specific bequests of various items, resulting in a complicated estate plan. While this may mean a parent has to change his will or trust more frequently, the parent may decide it is the only option given the personalities of his children or the type of property involved.If you decide the disadvantages associated with specific bequests are outweighed by your desire to ensure specific property will pass to a particular beneficiary, there are steps you can take to avoid some of the problems that may arise, such as:1. Have your will and living trust drafted by an experienced estate planning lawyer. Explain that you want to ensure certain property only passes to a particular heir but you also want to reduce the need for frequent changes to estate planning documents. Your attorney can discuss potential life events that could result in changes to your assets or beneficiaries. Based on your unique circumstances, your attorney may suggest provisions in your will or trust that anticipate these changes.2. Review your will and living trust at least once every year. If you sold property that was left to a particular beneficiary in your estate plan or purchased new property you want a specific individual to inherit, contact your attorney to determine whether you need to make a codicil or amendment. Failure to keep your estate planning documents current could result in one of your children being disinherited because the property you left them in a specific bequest is no longer in your estate. See
Accidental Disinheritance. For example, if your will leaves your house to your child and the remainder of your estate to your sibling, and you subsequently sell your house, your child may inherit nothing, even though that was not your intent. By reviewing your estate plan regularly, you can make the necessary updates to ensure your property passes according to your wishes.3. Pay close attention to language in your will or living trust regarding how your residuary estate or the residue of your trust will be distributed. The residuary estate or residue of the trust consists of estate or trust property not specifically bequeathed to a particular heir or beneficiary in a specific bequest. Depending on applicable state laws, your residuary estate may include proceeds from property you sold that was the subject of a specific bequest. Consult an attorney regarding the consequences of selling property that is subject to a specific bequest in your estate plan.4. If your estate plan includes a living trust, you may want to include detailed instructions in the trust document regarding how property should be divided among your beneficiaries. As part of the trust administration process, the successor trustee is responsible for determining how to distribute trust property to the beneficiaries according to the trust document and applicable law. Make your wishes for your property known to the successor trustee named in your trust. Ask your lawyer to include provisions in your trust that will allow your trustee to distribute property in a manner consistent with your wishes regarding specific property, as well as the residue of your trust.5. Make sure your will or living trust includes provisions on how specific bequests should be distributed in the event the named beneficiary does not survive you. For example, if you want certain heirlooms or land to stay within your immediate family, rather than passing to a stepchild, spouse of an heir, etc. discuss these concerns with your attorney. Your estate planning documents should contain provisions for how such property should pass if a particular beneficiary predeceases you.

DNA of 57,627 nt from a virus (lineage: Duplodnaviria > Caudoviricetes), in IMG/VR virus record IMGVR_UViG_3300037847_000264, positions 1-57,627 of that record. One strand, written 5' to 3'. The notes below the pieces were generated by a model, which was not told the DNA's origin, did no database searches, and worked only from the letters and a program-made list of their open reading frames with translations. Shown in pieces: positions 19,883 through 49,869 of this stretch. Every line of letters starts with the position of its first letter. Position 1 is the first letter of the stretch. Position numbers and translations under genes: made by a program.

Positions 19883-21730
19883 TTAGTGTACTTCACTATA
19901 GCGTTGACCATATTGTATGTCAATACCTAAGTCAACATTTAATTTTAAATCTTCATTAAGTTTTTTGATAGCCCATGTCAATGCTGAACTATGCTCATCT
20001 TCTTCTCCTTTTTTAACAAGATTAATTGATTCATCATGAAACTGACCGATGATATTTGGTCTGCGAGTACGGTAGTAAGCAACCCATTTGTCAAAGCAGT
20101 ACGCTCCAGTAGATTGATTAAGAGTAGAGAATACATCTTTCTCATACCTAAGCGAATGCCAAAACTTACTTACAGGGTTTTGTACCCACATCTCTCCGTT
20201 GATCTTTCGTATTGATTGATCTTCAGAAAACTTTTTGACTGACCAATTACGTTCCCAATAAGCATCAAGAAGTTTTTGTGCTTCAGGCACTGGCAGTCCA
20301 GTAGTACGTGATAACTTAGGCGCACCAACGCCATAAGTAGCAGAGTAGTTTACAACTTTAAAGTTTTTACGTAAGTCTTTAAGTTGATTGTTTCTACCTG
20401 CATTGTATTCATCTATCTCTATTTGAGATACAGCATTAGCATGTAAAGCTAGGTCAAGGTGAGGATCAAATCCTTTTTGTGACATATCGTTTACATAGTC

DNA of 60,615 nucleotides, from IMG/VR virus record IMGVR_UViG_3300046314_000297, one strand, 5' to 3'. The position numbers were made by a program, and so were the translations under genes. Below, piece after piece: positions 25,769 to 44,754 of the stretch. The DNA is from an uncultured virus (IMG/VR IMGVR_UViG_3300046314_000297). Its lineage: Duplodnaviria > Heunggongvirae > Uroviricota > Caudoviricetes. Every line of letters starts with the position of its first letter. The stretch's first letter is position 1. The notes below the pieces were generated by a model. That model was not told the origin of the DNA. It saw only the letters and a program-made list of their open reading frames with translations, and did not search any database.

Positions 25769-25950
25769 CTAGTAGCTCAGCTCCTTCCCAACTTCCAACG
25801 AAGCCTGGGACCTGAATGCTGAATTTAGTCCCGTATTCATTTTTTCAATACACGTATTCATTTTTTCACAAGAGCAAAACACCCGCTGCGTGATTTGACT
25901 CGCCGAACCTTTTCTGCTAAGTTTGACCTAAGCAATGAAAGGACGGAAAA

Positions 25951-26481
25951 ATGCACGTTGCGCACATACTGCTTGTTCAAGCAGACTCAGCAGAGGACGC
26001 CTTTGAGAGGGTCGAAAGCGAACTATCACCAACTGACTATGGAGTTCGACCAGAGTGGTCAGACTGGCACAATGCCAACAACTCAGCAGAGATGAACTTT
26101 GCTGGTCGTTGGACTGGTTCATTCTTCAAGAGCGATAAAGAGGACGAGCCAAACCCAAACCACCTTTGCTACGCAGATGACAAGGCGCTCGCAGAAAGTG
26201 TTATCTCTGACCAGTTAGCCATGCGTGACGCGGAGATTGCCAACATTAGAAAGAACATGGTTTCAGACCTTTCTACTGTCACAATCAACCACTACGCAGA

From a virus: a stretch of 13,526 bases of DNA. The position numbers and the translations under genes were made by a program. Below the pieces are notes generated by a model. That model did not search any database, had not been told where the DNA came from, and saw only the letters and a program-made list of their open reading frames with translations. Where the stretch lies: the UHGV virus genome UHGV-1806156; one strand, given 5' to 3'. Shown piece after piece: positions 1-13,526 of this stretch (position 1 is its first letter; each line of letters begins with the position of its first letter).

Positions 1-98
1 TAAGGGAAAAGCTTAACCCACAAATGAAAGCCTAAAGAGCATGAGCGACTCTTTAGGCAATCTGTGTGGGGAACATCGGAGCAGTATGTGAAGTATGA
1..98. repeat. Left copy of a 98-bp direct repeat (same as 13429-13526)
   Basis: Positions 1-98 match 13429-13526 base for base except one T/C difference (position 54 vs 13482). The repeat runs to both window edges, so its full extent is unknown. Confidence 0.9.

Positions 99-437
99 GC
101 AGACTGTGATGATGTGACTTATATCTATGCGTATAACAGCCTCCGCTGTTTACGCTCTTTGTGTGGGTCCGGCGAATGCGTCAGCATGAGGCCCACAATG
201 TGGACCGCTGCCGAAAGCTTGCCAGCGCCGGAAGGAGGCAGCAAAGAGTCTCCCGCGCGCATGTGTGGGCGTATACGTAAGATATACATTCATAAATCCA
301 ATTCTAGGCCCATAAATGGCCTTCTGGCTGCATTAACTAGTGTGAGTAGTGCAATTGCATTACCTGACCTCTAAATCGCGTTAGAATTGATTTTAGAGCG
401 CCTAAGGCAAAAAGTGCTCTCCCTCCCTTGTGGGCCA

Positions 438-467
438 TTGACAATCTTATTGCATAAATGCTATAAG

INFORMATION ON THIS SITE, INCLUDING ARTICLES, ESTATE PLANNING FORMS, AND THE ESTATE PLANNING BLOG, DOES NOT CONSTITUTE LEGAL, FINANCIAL OR TAX ADVICE. Pennyborn.com is not a law firm and is not a substitute for a lawyer. Your use of this site does not create an attorney-client relationship. Information on this site is for educational purposes only and may not be accurate, complete or up to date.